Indianapolis, IN–(ENEWSPF)– Joseph H. Hogsett, United States Attorney, Southern District of Indiana, and A. Brant Cook, Assistant U.S. Attorney, announced that Philip R. Collins, 47, Hillsboro, Ind., was sentenced to 90 months in prison yesterday by U.S. District Judge Sarah Evans Barker following his guilty plea to distribution and possession of child pornography. This case was the result of an investigation by the Federal Bureau of Investigation and the Indiana State Police.
The prosecution of Collins is part of the ongoing fight to protect children under Project Safe Childhood. Project Safe Childhood is a nationwide initiative to combat the growing epidemic of child sexual exploitation and abuse launched in May 2006. Project Safe Childhood marshals federal, state and local resources to locate, apprehend and prosecute individuals who exploit children via the Internet, as well as to identify and rescue victims of child exploitation. For more information about Project Safe Childhood, please visit www.projectsafechildhood.gov.
According to U. S. Attorney Hogsett, the investigation of Collins began in August 2009, when Collins engaged in internet chat with an FBI task force officer working undercover online. The internet chats between Collins and the task force officer continued sporadically over the course of the following several months. Though Collins made several comments during the chats indicating a sexual interest in children, he gave no indication of any specific plans to act out his interests, and did not otherwise engage in any criminal activity. On March 3, 2010, however, Collins claimed during one of the internet chat conversations that he planned to engage in sexual activity with a minor he would be supervising the following evening. FBI worked quickly to identify Collins, and, along with the Indiana State Police, sought him out at his workplace in Crawfordsville, Ind., early the next evening, March 4, 2010. Earlier in the day, prior to agents’ arrival, Collins distributed several images of child pornography to the task force officer with whom he had been chatting online. Law enforcement did not find any evidence that Collins had acted on his stated plan to engage in sexual activity with a child that evening, but did find that Collins had a collection of child pornography. He was arrested and subsequently prosecuted.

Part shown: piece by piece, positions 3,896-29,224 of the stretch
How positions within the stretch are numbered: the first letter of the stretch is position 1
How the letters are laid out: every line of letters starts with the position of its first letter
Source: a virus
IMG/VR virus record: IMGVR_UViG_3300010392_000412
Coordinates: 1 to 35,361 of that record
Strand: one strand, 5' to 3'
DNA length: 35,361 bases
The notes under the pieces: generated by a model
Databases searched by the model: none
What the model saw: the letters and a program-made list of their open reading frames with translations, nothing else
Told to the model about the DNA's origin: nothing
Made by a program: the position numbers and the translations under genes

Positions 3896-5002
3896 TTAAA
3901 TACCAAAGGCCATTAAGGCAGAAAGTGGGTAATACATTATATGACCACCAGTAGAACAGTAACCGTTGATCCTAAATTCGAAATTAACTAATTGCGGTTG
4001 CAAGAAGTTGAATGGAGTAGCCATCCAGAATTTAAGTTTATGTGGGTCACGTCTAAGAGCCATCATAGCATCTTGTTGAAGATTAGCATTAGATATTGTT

Judge Barker also imposed lifetime supervised release following Collins’s release from prison. During the period of supervised release, Collins must participate in sex offender treatment, may not have unsupervised contact with any minor child, and must register as a sex offender, in addition to other conditions.
Hogsett praised the work of Assistant U.S. Attorney A. Brant Cook, who prosecuted the case for the government. “The penalties for distributing child pornography are quite serious,” noted Cook. “Trafficking in such images is a devastating re-victimization of the children depicted, and those who seek out and view these images are fueling a dangerous sexual interest in children. It is extremely important that these individuals be held accountable in order to bring some justice to the children depicted in these images, as well as to protect Indiana’s children who are within reach of these offenders.”
Judge Barker authorized Collins’ continued release with supervision pending his assignment to a Bureau of Prisons facility.